This is part three of four parts on Rational/Radical Progressive Churches. Read the whole series for the background!
Continuing our conversation on the two different sides of Nate Silver’s Progressive chart, there’s one element that, by the label, differentiates Rational and Radical progressives: rationality. By naming one group “rational,” Nate automatically places the the radical progressives in the irrational camp. Nate seems to ascribe them with being irrational in implementation (wanting drastic change not incremental change) which isn’t as easy to achieve. Some commentors on the article seem to agree,
One thing of interest I might point out is there does seem to be a larger amount of paranoia on the radical progressive side. While in truth corporations get away with A LOT behind closed doors, it’s always interesting how many radical progressives, who are seemingly intelligent people, will believe the most elaborate and implausible conspiracy theories about them. (IE thousands of individuals involved in a 9/11 coverup, all working together, all keeping things quiet)
Read on to see how radicals (including political figures like Cindy Sheehan) tend to move to the fringe and lessons for the radical church on how to keep on message.
There does seem to be constellations of issues in radical progressivism, perhaps not out of emotion but out of like-mindedness. This like-mindedness can be a hinderance, however. Taking on the System, by the DailyKos founder Markos Moulitsas Zuniga, talks about how Cindy Sheehan was originally very captivating and emotion-wrenching to people as she began her stakeout at the Bush ranch asking for his apology for sending her son to die in the unjust war in Iraq. But eventually, she was tolerant of other supportive groups to stake out with her, which watered down the radical message she was trying to proclaim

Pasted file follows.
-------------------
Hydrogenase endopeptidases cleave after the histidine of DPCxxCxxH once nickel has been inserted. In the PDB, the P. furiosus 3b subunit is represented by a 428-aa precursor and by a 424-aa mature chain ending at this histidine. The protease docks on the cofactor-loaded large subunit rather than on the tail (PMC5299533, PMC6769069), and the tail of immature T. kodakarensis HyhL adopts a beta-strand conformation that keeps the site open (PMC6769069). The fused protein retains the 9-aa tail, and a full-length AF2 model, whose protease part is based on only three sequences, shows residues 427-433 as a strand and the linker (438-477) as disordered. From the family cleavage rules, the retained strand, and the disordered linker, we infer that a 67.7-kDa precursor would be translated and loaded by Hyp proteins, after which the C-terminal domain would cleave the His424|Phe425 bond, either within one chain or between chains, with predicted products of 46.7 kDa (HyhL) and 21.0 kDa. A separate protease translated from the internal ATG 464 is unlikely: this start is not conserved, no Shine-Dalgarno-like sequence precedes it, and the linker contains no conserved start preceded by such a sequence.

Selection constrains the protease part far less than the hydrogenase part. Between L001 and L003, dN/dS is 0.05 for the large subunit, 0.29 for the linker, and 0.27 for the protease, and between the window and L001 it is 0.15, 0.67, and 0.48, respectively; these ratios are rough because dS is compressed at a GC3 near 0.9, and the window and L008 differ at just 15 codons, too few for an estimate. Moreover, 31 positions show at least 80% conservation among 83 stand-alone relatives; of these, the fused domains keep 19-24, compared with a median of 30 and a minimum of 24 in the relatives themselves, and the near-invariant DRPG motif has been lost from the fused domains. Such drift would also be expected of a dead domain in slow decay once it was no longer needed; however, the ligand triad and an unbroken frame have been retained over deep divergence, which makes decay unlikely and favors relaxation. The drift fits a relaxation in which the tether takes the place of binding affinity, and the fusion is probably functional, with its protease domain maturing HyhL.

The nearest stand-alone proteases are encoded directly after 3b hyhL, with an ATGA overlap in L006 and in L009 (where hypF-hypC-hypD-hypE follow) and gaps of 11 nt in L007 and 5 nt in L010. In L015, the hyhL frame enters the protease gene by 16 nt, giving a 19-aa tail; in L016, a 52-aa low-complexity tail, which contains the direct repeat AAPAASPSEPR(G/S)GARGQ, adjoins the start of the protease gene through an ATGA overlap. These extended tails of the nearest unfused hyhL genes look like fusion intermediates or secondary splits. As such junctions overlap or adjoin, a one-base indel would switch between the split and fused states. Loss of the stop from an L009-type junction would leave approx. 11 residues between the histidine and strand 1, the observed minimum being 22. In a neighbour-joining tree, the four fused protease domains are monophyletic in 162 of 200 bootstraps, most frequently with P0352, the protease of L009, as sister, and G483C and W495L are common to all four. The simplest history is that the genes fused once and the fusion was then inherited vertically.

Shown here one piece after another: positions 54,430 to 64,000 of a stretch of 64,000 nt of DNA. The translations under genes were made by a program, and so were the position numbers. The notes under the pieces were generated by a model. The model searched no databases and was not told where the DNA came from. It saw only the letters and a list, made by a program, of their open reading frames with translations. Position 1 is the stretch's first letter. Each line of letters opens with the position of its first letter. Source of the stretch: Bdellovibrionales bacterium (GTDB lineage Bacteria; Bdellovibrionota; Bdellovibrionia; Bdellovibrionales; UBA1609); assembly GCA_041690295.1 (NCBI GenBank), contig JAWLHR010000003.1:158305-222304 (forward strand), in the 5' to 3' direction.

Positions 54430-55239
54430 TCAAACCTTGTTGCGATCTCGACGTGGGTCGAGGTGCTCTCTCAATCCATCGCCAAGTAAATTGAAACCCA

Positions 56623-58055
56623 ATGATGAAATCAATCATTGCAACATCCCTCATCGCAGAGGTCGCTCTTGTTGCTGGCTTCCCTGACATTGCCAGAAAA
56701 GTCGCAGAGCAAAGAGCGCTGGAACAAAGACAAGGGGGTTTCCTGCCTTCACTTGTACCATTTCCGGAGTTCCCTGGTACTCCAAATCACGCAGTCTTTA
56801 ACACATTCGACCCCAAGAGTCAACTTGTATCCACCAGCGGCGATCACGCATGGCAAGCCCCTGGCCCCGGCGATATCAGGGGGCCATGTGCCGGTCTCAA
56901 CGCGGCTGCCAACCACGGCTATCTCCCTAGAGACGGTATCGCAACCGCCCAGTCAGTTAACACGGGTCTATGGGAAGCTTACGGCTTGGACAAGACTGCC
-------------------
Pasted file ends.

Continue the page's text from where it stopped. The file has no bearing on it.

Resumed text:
Sheehan’s tolerance of the likes of communists, socialists, PETA, and others watered down the narrative with subplots, as it were, and tarnished her credibility in the long run…[which] effectively created the type of circuslike protests that Americans had already seen a million times before.Taking on the System, 186
In other words, radicalism is always being lumped with other radical groups, which waters down the message. Whenever a figure tries to be everywoman (like Sheehan) they get lumped (or allow to get lumped) into the greater fringe movement and that neuters their effectiveness. But don’t blame the media, this is often intentionally done by the progressives themselves:
The principal difference, historically, between these two Enlightenment streams is that liberalism was the ideology born of the middle classes: business. In other words, those desiring to acquire democratic rights for themselves to the exclusion of those “beneath” them. Recall, please, how many of the Founding Fathers were slave owners. Radicalism, on the other hand, was the ideology born of the workers: those exploited by business. In other words, those desiring democratic rights, including the economic sphere, for all. So, of course, liberalism positions itself as rational, and radicalism as irrational. It’s important that the workers be seen as irrational in their desire to end their exploitation.
What does this mean for progressive churches? Be careful of the company you keep so as to not water-down the message. It’s OK to be radical in your message and actions (Jesus was! MLK was!), but in order to avoid diffusing the energy, the radical church must focus on one radical message at a time. There’s a reason why there are so many political organizations…they each have a topic they are passionate about and there are rational and radical groups for each topic.
It takes message focus to cut through the clutter, and it takes message discipline to keep from being distracted by the chatter. If you are going to be a radical church, pick something to be radical about and stay the course.